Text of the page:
Dry Stone Walls

The character of dry stone walls is generally rural and regional because they were traditionally used as field borders in agrarian communities throughout the world. Depending on the color, and quality of material selected, the look of these structures can vary enormously. The naturally occurring irregularities of rocks can give a garden wall unique character. Even when set with precision they will have rich textures and uneven shadows on their faces. The spaces between may even hold deposits of earth that invite sprawling plants to take root.


If you are going to do it yourself, keep in mind that when building a mortarless wall, the stones that provide the most stability tend to be flatter and less rounded. In addition, the structure should not exceed waist height because there will be no mortar holding everything in place.

Dry Stone Wall

The foundation for these garden features are generally minimal and consist of only large slabs fixed beneath ground level. After the foundation has been set deeply enough the structure should be constructed in two halves, with the center filled with rubble. Bigger stones should be used at the bottom and smaller ones towards the top, making sure that the faces lean slightly inward. The wall can be reinforced with the addition of through stones running from side to side as you build. Spaces can also be filled with slivers of rock. Constructing one of these garden features is not necessarily an easy job, thus it is not necessarily an ideal do-it-yourself project. In fact, unless you have the experience, it might be best to employ a skilled craftsman or a company that specializes in these structures.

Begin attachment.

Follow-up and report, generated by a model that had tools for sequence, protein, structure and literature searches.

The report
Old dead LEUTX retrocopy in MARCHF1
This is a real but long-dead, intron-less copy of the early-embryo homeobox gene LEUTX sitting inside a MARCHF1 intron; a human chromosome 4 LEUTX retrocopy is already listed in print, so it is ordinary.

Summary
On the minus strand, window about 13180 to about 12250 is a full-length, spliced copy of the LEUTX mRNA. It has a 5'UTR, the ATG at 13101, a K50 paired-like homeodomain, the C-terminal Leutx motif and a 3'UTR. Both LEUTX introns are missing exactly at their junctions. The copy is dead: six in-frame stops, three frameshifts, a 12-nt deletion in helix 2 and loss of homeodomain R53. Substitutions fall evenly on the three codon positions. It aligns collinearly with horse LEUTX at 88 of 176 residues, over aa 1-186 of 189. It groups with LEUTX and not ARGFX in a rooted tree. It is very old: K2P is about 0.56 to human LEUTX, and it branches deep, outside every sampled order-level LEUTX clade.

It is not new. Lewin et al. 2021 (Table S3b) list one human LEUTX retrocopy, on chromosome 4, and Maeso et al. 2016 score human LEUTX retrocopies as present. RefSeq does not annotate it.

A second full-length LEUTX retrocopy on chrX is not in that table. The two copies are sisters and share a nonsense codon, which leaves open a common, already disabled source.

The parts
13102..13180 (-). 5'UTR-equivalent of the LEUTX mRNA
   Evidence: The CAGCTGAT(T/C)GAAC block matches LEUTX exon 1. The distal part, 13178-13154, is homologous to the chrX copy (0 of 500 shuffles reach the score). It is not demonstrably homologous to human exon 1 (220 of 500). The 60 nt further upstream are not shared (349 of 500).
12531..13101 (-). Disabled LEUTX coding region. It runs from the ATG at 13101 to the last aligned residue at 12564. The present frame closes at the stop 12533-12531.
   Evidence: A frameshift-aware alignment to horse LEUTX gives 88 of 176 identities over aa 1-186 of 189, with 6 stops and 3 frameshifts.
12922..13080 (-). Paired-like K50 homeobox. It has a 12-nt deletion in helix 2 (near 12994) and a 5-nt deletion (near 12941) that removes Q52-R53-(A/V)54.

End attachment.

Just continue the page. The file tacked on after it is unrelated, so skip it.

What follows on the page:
These garden features feel like works from antiquity. Whether you choose to build it yourself or have Sarah Ray Landscape Design do the work for you, one of these structures can give a sense of permanence to your garden.

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